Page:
Pelosi: 'Count Me As a Lioness' on National Security

While opposing a House bill today intended to stiffen screening of potential Syrian refugees, Minority Leader Nancy Pelosi (D-Calif.) vowed that she's a "lioness" when it comes to national security.

The House passed 289-137 the American Security Against Foreign Enemies (SAFE) Act of 2015, which says that no refugee from Iraq or Syria will be admitted into the U.S. unless the FBI director "certifies the background investigation of each refugee" and the secretary of Homeland Security, along with the FBI director and the Director of National Intelligence, "certifies to Congress that each refugee is not a security threat to the United States." The DHS inspector general would also be required to independently assess the refugee approvals.

Forty-seven Democrats crossed the aisle to vote for the bill. Two Republicans -- Reps. Walt Jones (N.C.) and Steve King (Iowa) -- voted "no"; they were objecting to the closed rule with no amendments.

Pelosi lamented that Democrats didn't get a vote on a "better idea" amendment - a "more discreet" option that "validates what is in the law now, the 18 months to two-year process that refugees have to go through in order to hopefully pass and admitted to our country."

"We had a better option. We had hoped to work in a bipartisan way with our new speaker, but nonetheless, they went down this path," she told reporters at her weekly press conference.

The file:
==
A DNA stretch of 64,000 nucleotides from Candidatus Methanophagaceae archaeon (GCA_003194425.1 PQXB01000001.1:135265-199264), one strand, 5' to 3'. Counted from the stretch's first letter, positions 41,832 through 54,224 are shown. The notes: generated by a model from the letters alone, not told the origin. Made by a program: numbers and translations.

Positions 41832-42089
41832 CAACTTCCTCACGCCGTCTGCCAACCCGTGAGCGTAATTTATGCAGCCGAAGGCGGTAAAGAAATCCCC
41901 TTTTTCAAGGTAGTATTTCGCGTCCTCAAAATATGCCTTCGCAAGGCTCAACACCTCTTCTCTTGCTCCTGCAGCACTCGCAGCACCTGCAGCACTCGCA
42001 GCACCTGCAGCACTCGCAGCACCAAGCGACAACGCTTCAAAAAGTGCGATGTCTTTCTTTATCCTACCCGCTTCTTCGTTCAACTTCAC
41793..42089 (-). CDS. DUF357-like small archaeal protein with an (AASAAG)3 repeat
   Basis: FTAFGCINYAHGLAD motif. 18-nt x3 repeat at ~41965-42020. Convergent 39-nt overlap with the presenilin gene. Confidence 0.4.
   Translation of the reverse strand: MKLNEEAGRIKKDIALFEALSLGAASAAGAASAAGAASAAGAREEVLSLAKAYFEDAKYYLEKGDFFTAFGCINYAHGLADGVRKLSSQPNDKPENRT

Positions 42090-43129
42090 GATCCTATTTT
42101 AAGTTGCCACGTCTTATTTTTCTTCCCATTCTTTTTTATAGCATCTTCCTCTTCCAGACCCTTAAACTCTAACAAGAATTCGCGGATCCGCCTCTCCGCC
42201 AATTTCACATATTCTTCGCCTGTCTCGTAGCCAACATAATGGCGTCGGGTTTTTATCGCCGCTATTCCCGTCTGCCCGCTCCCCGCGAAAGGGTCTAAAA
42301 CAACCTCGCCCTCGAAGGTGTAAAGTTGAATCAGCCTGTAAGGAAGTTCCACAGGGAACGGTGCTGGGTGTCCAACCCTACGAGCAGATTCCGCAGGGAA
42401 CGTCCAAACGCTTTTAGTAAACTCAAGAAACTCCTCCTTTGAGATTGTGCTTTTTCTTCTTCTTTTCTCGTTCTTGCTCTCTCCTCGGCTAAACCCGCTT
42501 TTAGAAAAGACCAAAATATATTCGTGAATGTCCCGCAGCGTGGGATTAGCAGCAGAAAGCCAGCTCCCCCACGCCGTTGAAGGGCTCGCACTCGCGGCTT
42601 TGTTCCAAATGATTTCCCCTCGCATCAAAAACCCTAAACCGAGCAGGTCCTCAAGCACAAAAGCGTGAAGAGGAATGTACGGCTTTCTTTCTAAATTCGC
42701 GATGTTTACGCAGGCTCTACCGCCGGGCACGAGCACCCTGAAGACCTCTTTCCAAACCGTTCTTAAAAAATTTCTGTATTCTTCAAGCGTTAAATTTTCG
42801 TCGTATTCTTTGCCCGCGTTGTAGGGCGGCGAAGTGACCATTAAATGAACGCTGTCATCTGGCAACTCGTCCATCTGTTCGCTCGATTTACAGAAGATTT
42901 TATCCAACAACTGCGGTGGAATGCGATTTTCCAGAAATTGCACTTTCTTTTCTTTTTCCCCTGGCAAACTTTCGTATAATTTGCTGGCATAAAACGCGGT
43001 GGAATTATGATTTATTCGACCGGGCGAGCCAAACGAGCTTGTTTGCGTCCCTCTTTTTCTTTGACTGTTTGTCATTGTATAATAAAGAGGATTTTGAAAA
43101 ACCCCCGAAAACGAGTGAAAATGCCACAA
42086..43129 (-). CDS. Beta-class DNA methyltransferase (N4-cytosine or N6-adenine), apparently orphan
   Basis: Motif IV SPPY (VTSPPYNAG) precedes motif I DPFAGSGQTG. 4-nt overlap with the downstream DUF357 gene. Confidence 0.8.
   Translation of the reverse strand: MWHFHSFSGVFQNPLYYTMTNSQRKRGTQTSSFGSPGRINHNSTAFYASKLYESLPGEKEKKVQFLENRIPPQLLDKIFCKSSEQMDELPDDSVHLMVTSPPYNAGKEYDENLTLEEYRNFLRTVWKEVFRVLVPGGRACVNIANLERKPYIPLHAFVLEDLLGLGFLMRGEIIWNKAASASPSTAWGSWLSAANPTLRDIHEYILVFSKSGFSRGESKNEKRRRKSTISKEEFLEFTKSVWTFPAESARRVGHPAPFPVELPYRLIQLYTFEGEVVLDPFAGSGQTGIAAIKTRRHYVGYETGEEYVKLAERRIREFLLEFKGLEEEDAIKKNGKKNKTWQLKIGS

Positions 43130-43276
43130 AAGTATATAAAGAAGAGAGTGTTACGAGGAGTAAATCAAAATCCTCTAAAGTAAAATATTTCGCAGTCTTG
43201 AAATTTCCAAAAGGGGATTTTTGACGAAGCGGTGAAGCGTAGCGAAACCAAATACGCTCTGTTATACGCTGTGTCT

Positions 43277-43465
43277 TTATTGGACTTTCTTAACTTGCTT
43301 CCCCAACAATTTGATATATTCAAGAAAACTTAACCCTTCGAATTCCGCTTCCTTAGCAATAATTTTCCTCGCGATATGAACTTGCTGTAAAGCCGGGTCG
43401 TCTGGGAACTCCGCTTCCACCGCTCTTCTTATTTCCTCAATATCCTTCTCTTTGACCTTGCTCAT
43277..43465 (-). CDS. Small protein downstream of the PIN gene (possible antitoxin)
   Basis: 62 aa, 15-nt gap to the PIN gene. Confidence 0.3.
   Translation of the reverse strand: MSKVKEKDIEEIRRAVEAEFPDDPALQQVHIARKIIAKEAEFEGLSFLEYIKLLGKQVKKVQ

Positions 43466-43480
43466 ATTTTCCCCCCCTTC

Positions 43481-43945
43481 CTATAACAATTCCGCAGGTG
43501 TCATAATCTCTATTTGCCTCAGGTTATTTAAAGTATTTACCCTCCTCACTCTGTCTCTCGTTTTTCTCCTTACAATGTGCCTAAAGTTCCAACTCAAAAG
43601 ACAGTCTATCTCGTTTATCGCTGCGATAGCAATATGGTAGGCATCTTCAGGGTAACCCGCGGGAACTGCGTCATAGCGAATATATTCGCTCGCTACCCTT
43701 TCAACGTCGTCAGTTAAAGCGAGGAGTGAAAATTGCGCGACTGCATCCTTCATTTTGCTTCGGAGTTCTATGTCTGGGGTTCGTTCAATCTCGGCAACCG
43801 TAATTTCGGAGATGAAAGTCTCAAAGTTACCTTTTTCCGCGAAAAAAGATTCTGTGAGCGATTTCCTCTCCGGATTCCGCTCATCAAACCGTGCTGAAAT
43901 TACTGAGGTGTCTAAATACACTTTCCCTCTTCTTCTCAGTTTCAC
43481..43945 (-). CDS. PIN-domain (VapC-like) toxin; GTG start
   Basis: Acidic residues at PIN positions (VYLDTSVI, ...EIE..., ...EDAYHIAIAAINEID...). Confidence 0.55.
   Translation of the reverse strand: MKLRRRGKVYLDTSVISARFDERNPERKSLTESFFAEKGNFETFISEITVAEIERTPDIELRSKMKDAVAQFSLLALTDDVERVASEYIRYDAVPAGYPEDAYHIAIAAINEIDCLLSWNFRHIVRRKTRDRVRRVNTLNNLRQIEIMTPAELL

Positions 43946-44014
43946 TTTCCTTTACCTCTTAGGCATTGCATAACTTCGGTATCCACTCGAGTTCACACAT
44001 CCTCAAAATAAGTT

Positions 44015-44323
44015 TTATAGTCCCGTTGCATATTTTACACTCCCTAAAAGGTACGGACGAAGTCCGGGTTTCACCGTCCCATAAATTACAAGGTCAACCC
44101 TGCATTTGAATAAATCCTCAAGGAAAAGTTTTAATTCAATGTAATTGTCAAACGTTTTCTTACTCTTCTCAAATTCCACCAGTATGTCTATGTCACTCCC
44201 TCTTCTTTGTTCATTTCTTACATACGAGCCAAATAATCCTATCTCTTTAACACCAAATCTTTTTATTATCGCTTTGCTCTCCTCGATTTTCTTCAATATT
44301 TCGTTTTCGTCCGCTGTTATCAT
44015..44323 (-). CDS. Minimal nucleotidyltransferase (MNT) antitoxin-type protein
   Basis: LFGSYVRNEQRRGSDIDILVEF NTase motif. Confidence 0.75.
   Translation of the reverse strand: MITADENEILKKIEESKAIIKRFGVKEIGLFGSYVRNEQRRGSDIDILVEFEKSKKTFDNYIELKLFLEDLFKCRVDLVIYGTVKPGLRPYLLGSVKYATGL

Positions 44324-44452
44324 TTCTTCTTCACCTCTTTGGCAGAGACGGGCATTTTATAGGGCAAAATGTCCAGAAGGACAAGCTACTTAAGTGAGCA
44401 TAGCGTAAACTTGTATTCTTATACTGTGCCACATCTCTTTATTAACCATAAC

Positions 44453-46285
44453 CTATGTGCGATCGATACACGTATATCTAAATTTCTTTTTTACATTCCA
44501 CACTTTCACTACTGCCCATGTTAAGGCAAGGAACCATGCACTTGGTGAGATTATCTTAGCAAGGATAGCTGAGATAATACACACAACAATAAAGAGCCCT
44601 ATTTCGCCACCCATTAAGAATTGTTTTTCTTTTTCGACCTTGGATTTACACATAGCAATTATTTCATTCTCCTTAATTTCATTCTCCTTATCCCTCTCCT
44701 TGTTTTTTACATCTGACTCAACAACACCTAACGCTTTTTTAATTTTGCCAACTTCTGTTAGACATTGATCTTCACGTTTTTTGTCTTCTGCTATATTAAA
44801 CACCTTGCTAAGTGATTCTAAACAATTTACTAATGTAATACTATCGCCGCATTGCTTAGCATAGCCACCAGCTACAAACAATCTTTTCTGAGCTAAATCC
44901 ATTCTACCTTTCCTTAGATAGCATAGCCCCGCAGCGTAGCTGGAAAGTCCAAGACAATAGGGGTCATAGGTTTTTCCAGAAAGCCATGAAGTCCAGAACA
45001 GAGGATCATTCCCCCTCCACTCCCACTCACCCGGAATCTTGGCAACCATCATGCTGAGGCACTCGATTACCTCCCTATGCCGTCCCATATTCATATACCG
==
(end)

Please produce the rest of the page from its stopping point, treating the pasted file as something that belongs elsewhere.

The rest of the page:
Pelosi argued that the Republican bill "sends a message to the world that is -- does not improve our safety."

"A piece of legislation is more than to wits, to woos, and the various provisions. It's a message to the world about our country, and we have a responsibility to keep the American people safe. It's the oath of office we take. Count me as a lioness. Anybody comes near my cubs, you're dead," she said.

"...This all went so fast. This is serious. This is our national security. The oath we take. That we should have this rushed, and ignoring some of the concerns that we've put forth, which made the bill stronger and made our country more secure -- I think it's a missed opportunity. It sends the wrong message. It doesn't make us safer, and it does not have my support."

Pelosi said legislation that isn't a "values-based bill" gives "fertile, terrorist ground to those who recruit terrorists."

"Terrorists' goal is to instill terror, instill fear. We cannot let them have that victory. And so, why don't we do something that makes us stronger, protects the American people more securely instead of fanning that flame?" she said.

The Dem leader added that she's "really proud of the administration" for pointing out review of refugees at the cabinet level would be burdensome.

"What they were presenting to the members was reality. You can not have thousands of applications reviewed by the top law enforcement people in our country. It just doesn't -- it is an obstacle to the resettlement program," Pelsi said.

On the 47 crossovers to vote for the SAFE Act: "We're the Democratic Party. We're like a family. We have our give and take all the time and some members just were sent to vote for this bill and so I don't know if there would have been any answer that would have satisfied their concerns."